UBC Theses and Dissertations
Adherence to complementary feeding guidelines as a predictor of better health outcomes in infants six to twenty four months of age in Cambodia Omidakhsh, Negar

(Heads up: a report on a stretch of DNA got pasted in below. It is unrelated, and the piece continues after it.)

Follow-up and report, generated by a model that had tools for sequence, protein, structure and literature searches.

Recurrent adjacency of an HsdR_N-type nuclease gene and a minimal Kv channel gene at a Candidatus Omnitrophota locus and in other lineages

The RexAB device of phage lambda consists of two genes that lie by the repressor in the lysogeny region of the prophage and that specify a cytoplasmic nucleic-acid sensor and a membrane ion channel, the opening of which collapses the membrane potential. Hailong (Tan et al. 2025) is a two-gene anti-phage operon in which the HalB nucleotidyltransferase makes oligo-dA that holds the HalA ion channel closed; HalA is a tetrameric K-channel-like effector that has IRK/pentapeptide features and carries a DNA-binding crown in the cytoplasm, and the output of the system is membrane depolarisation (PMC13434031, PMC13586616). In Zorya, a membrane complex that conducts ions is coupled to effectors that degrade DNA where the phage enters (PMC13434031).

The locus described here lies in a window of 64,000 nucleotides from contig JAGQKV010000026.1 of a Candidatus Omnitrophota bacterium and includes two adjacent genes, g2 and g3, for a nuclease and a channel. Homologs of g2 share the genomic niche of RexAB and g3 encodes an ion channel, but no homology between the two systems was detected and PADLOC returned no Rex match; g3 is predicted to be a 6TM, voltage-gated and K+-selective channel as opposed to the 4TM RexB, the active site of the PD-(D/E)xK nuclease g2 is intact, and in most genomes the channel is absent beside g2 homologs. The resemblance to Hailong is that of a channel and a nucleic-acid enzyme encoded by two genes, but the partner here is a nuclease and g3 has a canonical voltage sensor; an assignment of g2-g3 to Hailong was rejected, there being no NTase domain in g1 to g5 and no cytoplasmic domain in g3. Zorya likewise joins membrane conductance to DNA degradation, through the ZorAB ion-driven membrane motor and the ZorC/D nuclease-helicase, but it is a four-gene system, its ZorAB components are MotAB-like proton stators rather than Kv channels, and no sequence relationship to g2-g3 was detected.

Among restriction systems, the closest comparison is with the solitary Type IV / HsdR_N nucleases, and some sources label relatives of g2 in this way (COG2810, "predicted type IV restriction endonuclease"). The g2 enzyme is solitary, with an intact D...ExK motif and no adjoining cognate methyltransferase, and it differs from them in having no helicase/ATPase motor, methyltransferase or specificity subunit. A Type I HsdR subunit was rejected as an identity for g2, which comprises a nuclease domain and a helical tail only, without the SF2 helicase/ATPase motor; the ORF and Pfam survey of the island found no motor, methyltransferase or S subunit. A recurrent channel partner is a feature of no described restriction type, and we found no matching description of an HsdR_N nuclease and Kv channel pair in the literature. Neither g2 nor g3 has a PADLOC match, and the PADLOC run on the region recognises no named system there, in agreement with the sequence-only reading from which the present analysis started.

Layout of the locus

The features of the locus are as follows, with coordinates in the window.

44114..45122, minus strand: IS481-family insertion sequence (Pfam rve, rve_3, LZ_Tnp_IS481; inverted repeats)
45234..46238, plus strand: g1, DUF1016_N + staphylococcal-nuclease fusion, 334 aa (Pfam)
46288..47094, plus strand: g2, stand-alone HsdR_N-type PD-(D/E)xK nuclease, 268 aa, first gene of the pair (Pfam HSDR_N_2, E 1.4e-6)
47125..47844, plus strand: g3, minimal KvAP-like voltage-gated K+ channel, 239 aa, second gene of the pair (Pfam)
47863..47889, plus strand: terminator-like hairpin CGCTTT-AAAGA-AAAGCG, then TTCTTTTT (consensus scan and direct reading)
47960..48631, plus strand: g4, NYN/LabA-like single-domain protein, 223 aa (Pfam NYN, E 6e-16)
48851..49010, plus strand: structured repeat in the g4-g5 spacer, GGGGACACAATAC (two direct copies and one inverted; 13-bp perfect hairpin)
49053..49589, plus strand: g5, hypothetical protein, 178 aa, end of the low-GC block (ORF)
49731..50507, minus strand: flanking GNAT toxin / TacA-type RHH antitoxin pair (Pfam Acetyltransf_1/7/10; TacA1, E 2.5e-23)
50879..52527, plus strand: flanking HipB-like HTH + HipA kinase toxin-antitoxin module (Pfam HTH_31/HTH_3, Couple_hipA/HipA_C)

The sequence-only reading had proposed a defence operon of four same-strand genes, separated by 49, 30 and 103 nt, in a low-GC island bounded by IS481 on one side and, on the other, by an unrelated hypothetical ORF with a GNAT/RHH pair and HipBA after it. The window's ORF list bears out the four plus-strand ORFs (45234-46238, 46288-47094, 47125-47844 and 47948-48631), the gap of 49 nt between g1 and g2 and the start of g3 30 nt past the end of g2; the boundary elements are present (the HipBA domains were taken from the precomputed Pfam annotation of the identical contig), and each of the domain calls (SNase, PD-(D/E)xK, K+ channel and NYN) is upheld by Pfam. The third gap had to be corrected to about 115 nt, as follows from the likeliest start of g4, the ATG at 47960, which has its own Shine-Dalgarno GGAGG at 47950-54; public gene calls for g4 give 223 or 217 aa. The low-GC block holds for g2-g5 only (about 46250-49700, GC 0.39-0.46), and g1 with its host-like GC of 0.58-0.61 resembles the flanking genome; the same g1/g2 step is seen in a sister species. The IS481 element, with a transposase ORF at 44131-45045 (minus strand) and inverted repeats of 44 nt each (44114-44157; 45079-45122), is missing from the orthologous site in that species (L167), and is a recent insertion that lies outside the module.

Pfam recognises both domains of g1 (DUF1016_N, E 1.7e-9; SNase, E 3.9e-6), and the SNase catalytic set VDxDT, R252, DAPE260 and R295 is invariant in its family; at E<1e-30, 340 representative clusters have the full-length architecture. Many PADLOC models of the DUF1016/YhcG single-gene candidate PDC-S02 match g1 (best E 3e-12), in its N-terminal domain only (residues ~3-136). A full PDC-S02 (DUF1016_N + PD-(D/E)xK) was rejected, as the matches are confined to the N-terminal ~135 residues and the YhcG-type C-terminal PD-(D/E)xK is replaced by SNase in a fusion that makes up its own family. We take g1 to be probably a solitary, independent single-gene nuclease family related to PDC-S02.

Rates of child malnutrition in Cambodia have continued to rise throughout the last ten years despite marginal improvements in food security. After 6 months of age, when complementary feeding often begins, rates of stunting in Cambodia increase from 16% to 42% (CDHS, 2010). Given that the first two years of life are the most important for physical and cognitive development, addressing the health consequences that result from malnutrition is a priority. In the current thesis, I hypothesized that a) infants whose caregivers adhered to at least 80% of Cambodia’s complementary feeding guidelines were less likely to have had diarrhea in the last two weeks, to be anemic or to be stunted and b) infants whose caregivers adhered to at least 80% of the guidelines would have greater dietary diversity than infants whose caregivers did not adhere. To test these hypotheses, I utilized data from a cross sectional survey conducted by The Joint Program for Children, Food Security, and Nutrition in Cambodia. Infant caregivers were defined as adhering to the guidelines if they complied with at least 80% of each one of Cambodia’s five complementary feeding recommendations. I utilized logistic regression to estimate the risk of diarrhea, anemia and stunting among infants whose caregivers adhered compared to those whose caregivers did not adhere to the guidelines. Only 36 (5.1%) caregivers adhered to at least 80% of Cambodia’s complementary feeding guidelines. I did not observe any excess risk for diarrhea in the preceding two weeks, anemia or stunting among infants whose caregivers did not adhere to the feeding guidelines. There was minimal difference in dietary diversity between the two groups. Consumption of meat, grains, legumes, dairy, and vitamin A rich foods varied by at most 13% between infants whose caregivers adhered and did not adhere to the guidelines. My results indicate that the overwhelming majority of families in Cambodia are not adhering to Cambodia’s current complementary feeding guidelines. Furthermore, adherence is not associated with greater dietary diversity or better pediatric health outcomes. Future studies should consider testing the utility of guidelines that incorporate recommendations for dietary diversity to improve health outcomes.
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